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UNG gives low-income, first-generation students hope of attending college with Upward Bound grant

About 120 students from Johnson High School and Gilmer High School will have the chance to become the first in their families to attend and graduate from college thanks to the U.S. Department of Education's Upward Bound Grant.

The federal government awarded the University of North Georgia (UNG) $2.6 million to help promising low-income, first-generation high school students from Johnson High in Gainesville, Georgia, and Gilmer High in Ellijay, Georgia, prepare for and be successful in college.

UNG President Bonita Jacobs explained the grant is very competitive among universities across the country, and will help high school students in the north Georgia community become the first in their families to attend college.

"By 2025, 60 percent of students will need some higher education," she said during the Upward Bound signing ceremony Nov. 7 between UNG and Johnson High School in Gainesville. "Currently only 45 percent of the student population have some post-secondary education."

Dr. Sheila Caldwell, adviser to the president on diversity and director of Complete College Georgia, said the grant money allows UNG to provide "the extra help the first-generation college students will need get to the finish line of a college education."

The extra help includes weekly tutoring sessions, ACT and college preparation sessions, career exploration, cultural experiences, and college visits. Leading these initiatives is Dr. Latrice Richardson, who was hired Nov. 1 as UNG's director for Upward Bound for both campuses.

"I feel like we hit the jackpot when we hired her," Caldwell said. "She has six years of experience with Upward Bound."

A South Caroline native, Richardson spent six years in metro Atlanta working with an Upward Bound program. She then worked at the University of San Francisco before returning to Georgia and starting her tenure at UNG.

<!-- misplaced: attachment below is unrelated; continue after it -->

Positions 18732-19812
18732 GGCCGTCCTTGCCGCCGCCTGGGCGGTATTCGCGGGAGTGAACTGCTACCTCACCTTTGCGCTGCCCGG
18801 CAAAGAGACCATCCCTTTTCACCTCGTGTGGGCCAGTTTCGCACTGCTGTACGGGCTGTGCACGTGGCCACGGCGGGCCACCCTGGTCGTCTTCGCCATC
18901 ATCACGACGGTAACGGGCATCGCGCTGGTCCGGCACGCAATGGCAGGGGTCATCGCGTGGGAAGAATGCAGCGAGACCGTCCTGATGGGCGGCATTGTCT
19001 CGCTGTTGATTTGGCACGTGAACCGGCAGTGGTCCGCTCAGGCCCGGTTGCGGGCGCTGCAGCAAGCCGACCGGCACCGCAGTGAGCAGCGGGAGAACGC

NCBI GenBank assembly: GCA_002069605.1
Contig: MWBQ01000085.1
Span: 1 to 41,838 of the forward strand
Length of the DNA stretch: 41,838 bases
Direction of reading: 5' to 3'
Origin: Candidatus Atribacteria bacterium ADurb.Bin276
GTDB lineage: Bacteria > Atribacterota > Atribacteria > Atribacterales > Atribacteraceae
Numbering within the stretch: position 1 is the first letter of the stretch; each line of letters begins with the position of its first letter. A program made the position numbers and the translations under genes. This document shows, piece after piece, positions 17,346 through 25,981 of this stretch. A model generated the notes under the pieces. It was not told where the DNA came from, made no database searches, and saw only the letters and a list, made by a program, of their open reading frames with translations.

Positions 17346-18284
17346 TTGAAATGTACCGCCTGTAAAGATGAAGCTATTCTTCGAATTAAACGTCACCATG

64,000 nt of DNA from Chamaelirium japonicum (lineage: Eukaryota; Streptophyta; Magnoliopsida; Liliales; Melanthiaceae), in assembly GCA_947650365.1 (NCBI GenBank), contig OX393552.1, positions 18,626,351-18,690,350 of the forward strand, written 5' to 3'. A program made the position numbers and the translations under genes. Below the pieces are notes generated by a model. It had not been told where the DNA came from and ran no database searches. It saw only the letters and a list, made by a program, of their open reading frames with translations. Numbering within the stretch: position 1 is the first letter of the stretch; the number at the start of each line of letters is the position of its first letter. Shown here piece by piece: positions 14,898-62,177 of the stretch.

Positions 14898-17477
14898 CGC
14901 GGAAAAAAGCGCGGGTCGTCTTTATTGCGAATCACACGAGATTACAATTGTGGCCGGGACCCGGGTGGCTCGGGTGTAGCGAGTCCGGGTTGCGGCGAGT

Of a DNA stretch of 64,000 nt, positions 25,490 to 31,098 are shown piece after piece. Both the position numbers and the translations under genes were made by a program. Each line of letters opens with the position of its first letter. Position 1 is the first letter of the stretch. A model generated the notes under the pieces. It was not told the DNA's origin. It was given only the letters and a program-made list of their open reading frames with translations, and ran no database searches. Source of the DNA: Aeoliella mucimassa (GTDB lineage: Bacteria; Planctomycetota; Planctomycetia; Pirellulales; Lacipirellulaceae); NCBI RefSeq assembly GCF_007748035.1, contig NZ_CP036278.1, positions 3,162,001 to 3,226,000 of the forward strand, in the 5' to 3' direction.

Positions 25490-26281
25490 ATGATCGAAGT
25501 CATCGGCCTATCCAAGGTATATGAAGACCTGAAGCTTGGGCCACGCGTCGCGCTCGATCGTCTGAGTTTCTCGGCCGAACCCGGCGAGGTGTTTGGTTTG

Since her arrival, Richardson has recruited students from Johnson and Gilmer high schools into the program. She anticipates 60 participants in each program by March 2018. UNG and Gilmer County Charter Schools had its Upward Bound signing ceremony July 27.

"We want to help the students who want to go to college but don't know how to get there," Richardson said. "And these students have the academic ability to get there."

Caldwell explained students who enroll in the Upward Bound program complete a 10-page application, collect teacher and counselor recommendations and write an essay about their career aspirations. Richardson then interviews each student, along with his or her parents or guardians.

"I tell them 'If I take you in as a ninth-grader, it's an eight-year commitment,'" she said. "It is intense. The No. 1 goal is for Upward Bound participants to enroll and successfully complete a program of study in college."

While the program requires hard work from students, it offers some real-life college experiences. For example, students will spend six weeks in the summer immersed on two college campuses. For the first three weeks, Johnson High students will to take classes such as math, science, history, English, and a foreign language on UNG's Gainesville Campus. The Gilmer High students will do the same at Dalton State College. The next two weeks, both Johnson and Gilmer students will live in the residence halls on the Dahlonega Campus.

The final week, though, is the best, Richardson said. Students will travel out of state to visit two to three colleges along with stops at museums and monuments.

"Sharing this experience with these young students is what I enjoy," she said, indicating some may not have ever ventured outside of their hometown or Georgia. "Plus, all of it is paid for through the Upward Bound grant."

Stan Lewis, principal of Johnson High, said this program will open doors for students

"They have certain challenges in their homes and in their lives that have been roadblocks for them to attend college," he said. "Now they are going to have hope and that is what education is all about."

Of course, none of it would be possible without the collaboration between the schools and UNG.

"If this partnership was not in place, we would not have gotten the grant," Lewis said. "We are very grateful to UNG."

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